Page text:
Miriam Cates: 'If we don't have people from all walks of life around the table, we won't look at how our policies filter down'

Penistone and Stocksbridge Conservative MP Miriam Cates. Photo: Jonathan GawthorpePenistone and Stocksbridge Conservative MP Miriam Cates. Photo: Jonathan Gawthorpe
Penistone and Stocksbridge Conservative MP Miriam Cates. Photo: Jonathan Gawthorpe
Pinned as a rising star, new MP Miriam Cates is already being tipped to climb to the top of the Conservative Party.

Before she was elected, Mrs Cates sat next to Boris Johnson at the party conference last year, and during the winter’s campaigning, she was joined on the doorstep in her Penistone and Stocksbridge constituency by the PM’s fiancee Carrie Symonds.

But despite being seen as a leading light in the party so desperate to keep its hard fought for northern seats, the Cambridge graduate and former schoolteacher has not slipped into the background after winning her seat, making waves both locally and nationally.

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“I think the thing that I'm aiming for is to get a balance,” she said, speaking to The Yorkshire Post six months after the election.

Penistone and Stocksbridge Conservative MP Miriam Cates. Photo:Jonathan GawthorpePenistone and Stocksbridge Conservative MP Miriam Cates. Photo:Jonathan Gawthorpe
Penistone and Stocksbridge Conservative MP Miriam Cates. Photo:Jonathan Gawthorpe

“So, yes, I'm here to represent constituents to deliver on the things that I've campaigned on, levelling up, that is absolutely my priority. But also MPs do have a national role.

“We're here to be legislators, and we have to take that seriously and that isn't necessarily just about focusing on local issues, but it's also about what's best for the country.

“I think finding a balance between those is my short and medium term aim.”

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Mrs Cates, a mother-of-three, has the ambition to make it easier for female MPs like her, who are juggling the job with bringing up children.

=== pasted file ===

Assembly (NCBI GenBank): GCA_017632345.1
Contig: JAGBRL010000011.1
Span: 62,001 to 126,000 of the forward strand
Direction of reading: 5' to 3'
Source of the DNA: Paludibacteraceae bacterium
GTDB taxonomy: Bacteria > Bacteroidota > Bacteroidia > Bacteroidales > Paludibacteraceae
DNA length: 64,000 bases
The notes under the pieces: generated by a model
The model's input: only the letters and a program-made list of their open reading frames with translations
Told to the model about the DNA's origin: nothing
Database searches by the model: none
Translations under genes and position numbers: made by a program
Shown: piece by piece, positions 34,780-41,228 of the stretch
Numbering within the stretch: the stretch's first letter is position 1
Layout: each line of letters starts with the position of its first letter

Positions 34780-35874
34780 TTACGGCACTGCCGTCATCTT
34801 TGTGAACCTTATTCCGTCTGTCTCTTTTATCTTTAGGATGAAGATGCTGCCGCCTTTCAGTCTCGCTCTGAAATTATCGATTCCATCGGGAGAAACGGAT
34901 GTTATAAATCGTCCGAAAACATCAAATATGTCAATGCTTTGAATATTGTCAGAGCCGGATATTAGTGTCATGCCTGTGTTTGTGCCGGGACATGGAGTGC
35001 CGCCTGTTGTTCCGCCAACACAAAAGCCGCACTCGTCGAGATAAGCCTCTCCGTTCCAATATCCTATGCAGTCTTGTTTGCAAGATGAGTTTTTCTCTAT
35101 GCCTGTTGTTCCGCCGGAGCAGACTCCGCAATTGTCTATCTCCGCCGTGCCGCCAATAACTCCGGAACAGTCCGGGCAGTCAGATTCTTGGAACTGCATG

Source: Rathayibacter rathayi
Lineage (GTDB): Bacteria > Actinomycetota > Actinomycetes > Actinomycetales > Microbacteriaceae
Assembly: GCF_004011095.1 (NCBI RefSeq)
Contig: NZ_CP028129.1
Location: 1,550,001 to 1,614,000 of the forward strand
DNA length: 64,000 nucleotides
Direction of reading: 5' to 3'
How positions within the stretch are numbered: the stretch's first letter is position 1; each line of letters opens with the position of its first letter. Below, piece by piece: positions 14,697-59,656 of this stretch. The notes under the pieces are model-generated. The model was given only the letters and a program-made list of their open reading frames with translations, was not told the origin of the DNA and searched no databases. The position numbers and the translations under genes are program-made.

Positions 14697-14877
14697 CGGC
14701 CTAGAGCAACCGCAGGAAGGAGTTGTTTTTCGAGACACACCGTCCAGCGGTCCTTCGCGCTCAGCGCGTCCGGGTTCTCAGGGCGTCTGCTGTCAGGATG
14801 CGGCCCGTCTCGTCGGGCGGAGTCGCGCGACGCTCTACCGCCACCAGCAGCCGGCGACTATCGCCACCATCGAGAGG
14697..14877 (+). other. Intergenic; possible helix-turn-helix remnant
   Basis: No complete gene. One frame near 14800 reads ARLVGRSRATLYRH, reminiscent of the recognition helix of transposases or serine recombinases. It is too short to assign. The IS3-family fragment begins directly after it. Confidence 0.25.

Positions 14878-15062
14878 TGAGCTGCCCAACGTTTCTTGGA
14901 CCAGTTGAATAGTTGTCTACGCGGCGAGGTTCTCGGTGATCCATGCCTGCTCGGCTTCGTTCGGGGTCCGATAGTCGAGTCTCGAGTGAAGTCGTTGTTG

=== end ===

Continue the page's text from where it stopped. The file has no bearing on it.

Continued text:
And she has not been afraid to call out the dearth of mothers of young children in both Parliament and her own party.

“There aren't many female MPs with school-aged children and young children and it is tough,” she said.

“Being away for a large part of the week, and then trying to actually have meaningful time with them when I am home and not constantly be on my phone and my email.

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“But I want to make this possible because if it isn't possible for mums with young children to be MPs, then we are missing out on a huge section of the population being represented.

“If we don't have people from all walks of life around the tables where decisions are made, we won't look at how those policies filter down to the people that they affect and I think being a mum, being a parent, is such an important role in society, so we should be very careful that our policies promote those people and help those people and help children.”

She said: “I want there to be enough mums in Parliament, going through that experience right now, struggling with childcare, having to help your child with homework, so that we can be a voice.

“If it's not possible to do that, then that's a bad thing for our whole country.”

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And she said it meant she had a “different kind of life experience”.